Condensed Matter Seminar: Dynamical renormalization of a spin Hamiltonian via high-order nonlinear magnonics

Davide Bossini, University of Konstanz

27 May 2024, 11:00 
Condensed Matter Seminar




In the absence of externally applied magnetic fields, the Hamiltonian of a magnetic material is determined by the exchange interaction, which is of electrostatic origin, and the spin-orbit coupling, whose magnitude depends on the atomic charge. Linear spin wave theory provides a representation of the entire spectrum of collective magnetic excitations, i.e. magnons, assuming the interactions to be constant and the number of magnons in the system negligible. However, the electric field of light is able to perturb electrostatic interactions, charge distributions and, at the same time, can create a magnon population. A fundamental open question therefore concerns the possibility to optically renormalise the magnon spectrum and the spin Hamiltonian. In my talk, I will show how we test this hypothesis by using femtosecond laser pulses to resonantly pump electric-dipole-active pairs of high- energy magnons near the edges of the Brillouin zone. The transient spin dynamics reveals the activation and a surprising amplification of coherent low-energy zone-centre magnons, which are not directly driven. Strikingly, the spectrum of these low-energy magnons differs from the one observed in thermal equilibrium, the latter being consistent with spin wave theory. The light-spin interaction thus results in a room-temperature renormalisation of the magnon spectra, as five-fold and three-fold increases of the amplitudes and 4% frequency shifts of their ground-state values were measured. We rationalise the observation in terms of a novel resonant scattering mechanism, in which zone-edge magnons couple nonlinearly to the zone-centre modes. In a quantum mechanical model, we analytically derive the corrections to the spectrum due to the photoinduced magnon population. Our results present a milestone on the path towards a coherent all- optical engineering of Hamiltonians in solids, as an arbitrary tuning of the quasiparticles eigenfrequencies would result in optically driving instabilities and phase transitions.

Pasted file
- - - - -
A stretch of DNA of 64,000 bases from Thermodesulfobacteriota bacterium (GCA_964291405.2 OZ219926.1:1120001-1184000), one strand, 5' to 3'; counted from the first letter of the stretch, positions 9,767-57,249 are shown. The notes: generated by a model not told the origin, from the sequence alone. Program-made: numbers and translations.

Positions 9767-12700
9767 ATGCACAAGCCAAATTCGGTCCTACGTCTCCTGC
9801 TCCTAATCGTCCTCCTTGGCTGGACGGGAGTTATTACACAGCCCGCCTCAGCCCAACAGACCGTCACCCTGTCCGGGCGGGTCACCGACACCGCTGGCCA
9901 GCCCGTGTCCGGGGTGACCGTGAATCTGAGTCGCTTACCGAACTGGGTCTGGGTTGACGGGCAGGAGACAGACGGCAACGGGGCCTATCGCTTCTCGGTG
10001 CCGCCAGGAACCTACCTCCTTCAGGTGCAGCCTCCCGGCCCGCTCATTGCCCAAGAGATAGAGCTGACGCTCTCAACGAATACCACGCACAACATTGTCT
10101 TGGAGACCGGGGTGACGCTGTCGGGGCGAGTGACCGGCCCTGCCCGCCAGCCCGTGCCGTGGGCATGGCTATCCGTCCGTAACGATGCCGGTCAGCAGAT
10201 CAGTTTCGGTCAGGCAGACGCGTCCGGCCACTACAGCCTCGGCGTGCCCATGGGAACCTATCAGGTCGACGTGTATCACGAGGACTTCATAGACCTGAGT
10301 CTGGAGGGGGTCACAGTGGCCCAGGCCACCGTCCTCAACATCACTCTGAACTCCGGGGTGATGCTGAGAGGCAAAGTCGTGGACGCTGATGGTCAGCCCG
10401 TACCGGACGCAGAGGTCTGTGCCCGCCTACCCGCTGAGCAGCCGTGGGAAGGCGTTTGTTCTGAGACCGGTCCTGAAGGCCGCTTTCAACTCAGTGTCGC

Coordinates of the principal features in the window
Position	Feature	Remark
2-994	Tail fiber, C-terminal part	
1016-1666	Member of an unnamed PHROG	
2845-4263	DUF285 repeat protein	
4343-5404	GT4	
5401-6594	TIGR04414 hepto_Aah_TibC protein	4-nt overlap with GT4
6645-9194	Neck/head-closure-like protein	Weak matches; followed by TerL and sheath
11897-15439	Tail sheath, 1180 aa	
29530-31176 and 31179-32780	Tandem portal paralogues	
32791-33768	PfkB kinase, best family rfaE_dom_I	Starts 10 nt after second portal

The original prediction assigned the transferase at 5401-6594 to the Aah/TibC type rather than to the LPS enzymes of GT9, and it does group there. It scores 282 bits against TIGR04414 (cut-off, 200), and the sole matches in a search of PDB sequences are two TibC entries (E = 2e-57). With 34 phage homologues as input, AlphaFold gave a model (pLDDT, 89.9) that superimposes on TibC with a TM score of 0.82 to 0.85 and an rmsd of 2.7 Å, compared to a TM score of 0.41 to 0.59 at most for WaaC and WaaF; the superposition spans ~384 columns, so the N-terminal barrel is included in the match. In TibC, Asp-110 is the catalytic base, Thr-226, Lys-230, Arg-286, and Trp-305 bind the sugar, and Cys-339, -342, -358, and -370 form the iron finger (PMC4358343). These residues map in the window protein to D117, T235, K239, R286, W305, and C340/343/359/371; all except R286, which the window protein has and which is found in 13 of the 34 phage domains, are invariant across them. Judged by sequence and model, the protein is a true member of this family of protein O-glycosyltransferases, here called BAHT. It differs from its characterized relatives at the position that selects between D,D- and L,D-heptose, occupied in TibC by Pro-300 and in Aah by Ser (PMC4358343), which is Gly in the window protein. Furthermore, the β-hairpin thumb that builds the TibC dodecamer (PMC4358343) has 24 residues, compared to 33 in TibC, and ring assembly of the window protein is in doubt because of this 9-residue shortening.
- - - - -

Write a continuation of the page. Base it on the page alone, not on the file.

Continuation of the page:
Event Organizer: Dr. Yochai Bar Sinai

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